Minimizing the Total Cost in an Integrated Vendor—Managed Inventory System
In this paper we consider a complex production-distribution system, where a facility produces (or orders from an external supplier) several items which are distributed to a set of retailers by a fleet of vehicles. We consider Vendor-Managed Inventory (VMI) policies, in which the facility knows the inventory levels of the retailers and takes care of their replenishment policies. The production (or ordering) policy, the retailers replenishment policies and the transportation policy have to be determined so as to minimize the total system cost. The cost includes the fixed and variable production costs at the facility, the inventory costs at the facility and at the retailers and the transportation costs, that is the fixed costs of the vehicles and the traveling costs. We study two different types of VMI policies: The order-up-to level policy, in which the order-up-to level quantity is shipped to each retailer whenever served (i.e. the quantity delivered to each retailer is such that the maximum level of the inventory at the retailer is reached) and the fill-fill-dump policy, in which the order-up-to level quantity is shipped to all but the last retailer on each delivery route, while the quantity delivered to the last retailer is the minimum between the order-up-to level quantity and the residual transportation capacity of the vehicle. We propose two different decompositions of the problem and optimal or heuristic procedures for the solution of the subproblems. We show that, for reasonable initial values of the variables, the order in which the subproblems are solved does not influence the final solution. We will first solve the distribution subproblem and then the production subproblem. The computational results show that the fill-fill-dump policy reduces the average cost with respect to the order-up-to level policy and that one of the decompositions is more effective. Moreover, we compare the VMI policies with the more traditional Retailer-Managed Inventory (RMI) policy and show that the VMI policies significantly reduce the average cost with respect to the RMI policy.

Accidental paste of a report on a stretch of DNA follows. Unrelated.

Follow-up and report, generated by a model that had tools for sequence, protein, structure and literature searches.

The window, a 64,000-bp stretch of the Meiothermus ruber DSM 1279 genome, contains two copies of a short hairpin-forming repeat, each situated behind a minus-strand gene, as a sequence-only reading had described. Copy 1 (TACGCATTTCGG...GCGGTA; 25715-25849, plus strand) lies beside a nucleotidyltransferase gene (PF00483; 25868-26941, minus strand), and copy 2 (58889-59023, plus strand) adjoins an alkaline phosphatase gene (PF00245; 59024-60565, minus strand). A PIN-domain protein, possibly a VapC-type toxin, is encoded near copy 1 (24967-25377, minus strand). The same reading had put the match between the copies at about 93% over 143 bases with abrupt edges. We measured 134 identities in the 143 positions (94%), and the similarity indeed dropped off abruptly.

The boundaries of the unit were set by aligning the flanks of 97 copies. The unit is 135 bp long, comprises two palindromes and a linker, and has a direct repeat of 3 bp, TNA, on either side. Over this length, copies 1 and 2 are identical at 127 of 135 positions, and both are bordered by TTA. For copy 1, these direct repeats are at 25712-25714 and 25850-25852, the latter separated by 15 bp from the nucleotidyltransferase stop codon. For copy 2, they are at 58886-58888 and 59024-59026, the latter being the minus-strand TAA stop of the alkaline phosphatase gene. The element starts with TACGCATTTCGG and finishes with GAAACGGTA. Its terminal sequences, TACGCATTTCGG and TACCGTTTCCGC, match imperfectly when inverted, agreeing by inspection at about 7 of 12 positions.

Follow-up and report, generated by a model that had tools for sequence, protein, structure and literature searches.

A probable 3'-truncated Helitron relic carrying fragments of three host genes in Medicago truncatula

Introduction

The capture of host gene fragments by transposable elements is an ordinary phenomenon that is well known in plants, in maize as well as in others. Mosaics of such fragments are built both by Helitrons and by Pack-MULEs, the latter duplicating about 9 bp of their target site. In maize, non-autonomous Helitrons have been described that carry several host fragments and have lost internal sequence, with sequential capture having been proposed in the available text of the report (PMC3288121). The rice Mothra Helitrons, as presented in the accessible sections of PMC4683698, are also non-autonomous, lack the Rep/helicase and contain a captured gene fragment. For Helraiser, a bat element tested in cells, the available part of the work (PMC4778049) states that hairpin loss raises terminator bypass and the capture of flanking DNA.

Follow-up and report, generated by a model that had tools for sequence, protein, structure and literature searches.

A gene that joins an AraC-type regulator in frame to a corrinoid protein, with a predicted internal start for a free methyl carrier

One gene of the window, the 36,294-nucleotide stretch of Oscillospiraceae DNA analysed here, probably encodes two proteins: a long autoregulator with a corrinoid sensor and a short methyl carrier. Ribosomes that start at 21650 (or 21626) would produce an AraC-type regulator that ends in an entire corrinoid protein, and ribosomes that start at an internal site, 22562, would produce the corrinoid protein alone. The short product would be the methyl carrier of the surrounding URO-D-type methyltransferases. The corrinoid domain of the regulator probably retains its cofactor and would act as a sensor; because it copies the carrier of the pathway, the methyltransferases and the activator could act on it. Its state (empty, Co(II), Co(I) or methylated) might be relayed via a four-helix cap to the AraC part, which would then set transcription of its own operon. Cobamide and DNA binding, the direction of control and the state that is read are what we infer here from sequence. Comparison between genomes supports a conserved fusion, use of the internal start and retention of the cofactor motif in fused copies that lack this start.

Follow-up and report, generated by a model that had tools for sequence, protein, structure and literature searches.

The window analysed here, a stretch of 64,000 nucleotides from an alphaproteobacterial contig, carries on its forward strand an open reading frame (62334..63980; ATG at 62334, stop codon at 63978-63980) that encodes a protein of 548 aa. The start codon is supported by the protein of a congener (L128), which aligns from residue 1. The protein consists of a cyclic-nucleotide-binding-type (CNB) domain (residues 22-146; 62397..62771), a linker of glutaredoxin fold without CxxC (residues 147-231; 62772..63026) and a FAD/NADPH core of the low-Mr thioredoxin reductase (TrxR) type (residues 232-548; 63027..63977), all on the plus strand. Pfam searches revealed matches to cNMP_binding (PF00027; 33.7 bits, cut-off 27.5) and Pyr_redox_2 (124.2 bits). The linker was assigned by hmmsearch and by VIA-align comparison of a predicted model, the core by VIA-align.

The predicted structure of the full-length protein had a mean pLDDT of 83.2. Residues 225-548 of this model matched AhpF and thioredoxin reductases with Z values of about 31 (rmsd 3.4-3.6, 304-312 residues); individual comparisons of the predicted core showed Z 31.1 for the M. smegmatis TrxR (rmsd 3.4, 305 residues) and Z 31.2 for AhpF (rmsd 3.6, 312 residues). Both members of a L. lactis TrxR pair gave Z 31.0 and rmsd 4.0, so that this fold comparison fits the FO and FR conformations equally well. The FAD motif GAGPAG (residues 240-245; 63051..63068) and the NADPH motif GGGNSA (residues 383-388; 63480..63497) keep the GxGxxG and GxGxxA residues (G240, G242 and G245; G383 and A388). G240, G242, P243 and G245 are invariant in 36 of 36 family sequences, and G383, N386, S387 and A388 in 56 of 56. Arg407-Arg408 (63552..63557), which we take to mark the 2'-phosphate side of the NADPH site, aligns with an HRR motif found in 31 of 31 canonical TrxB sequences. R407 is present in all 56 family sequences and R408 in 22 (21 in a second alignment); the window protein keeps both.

KeywordsVendor-Managed Inventory VMI transportation inventory heuristics logistics
Unable to display preview. Download preview PDF.
- Campbell, A.M., L. Clarke, A.J. Kleywegt, and M.W.P. Savelsbergh. (1998). “The Inventory Routing Problem.” In T.G. Crainic and G. Laporte (eds.), Fleet Management and Logistics, Boston: Kluwer Academic Publishers, pp. 95–113.Google Scholar
- Erengüç, Ş.S., N.C. Simpson, and A.J. Vakharia. (1999). “Integrated Production/Distribution Planning in Supply Chains: An Invited Review.” European Journal of Operational Research 115, 219–236.Google Scholar
- Fry, M.J., R. Kapuscinski, and T.L. Olsen. (2001). “Coordinating Production and Delivery under a (z,Z)-Type Vendor-Managed Inventory Contract.” Manufacturing & Service Operations Management 3, 151–173.Google Scholar
- Hu, T.C. (1982). Combinatorial Algorithms, Reading, MA: Addison Wesley.Google Scholar
- Lee, H.L. and S. Nahmias. (1993). “Single-Product, Single-Location Models.” In Handbooks in Operations Research & Management Science, vol. 4, North-Holland: Elsevier Science Publishers, pp. 3–55.Google Scholar
- Rabah, M.Y. and H.S. Mahmassani. (2002). “Impact of Electronic Commerce on Logistics Operations: A Focus on Vendor Managed Inventory (VMI) Strategies.” Technical Report N. SWUTC/02/167227-1, Center for Transportation Research, University of Texas at Austin.Google Scholar
- Toth, P. and D. Vigo. (2002). The Vehicle Routing Problem, SIAM Monographs on Discrete Mathematics and Applications, Philadelphia.Google Scholar
- Wagner, H.M. and T.M. Whitin. (1958). “Dynamic Version of the Economic Lot Size Model.” Management Science 5, 89–96.Google Scholar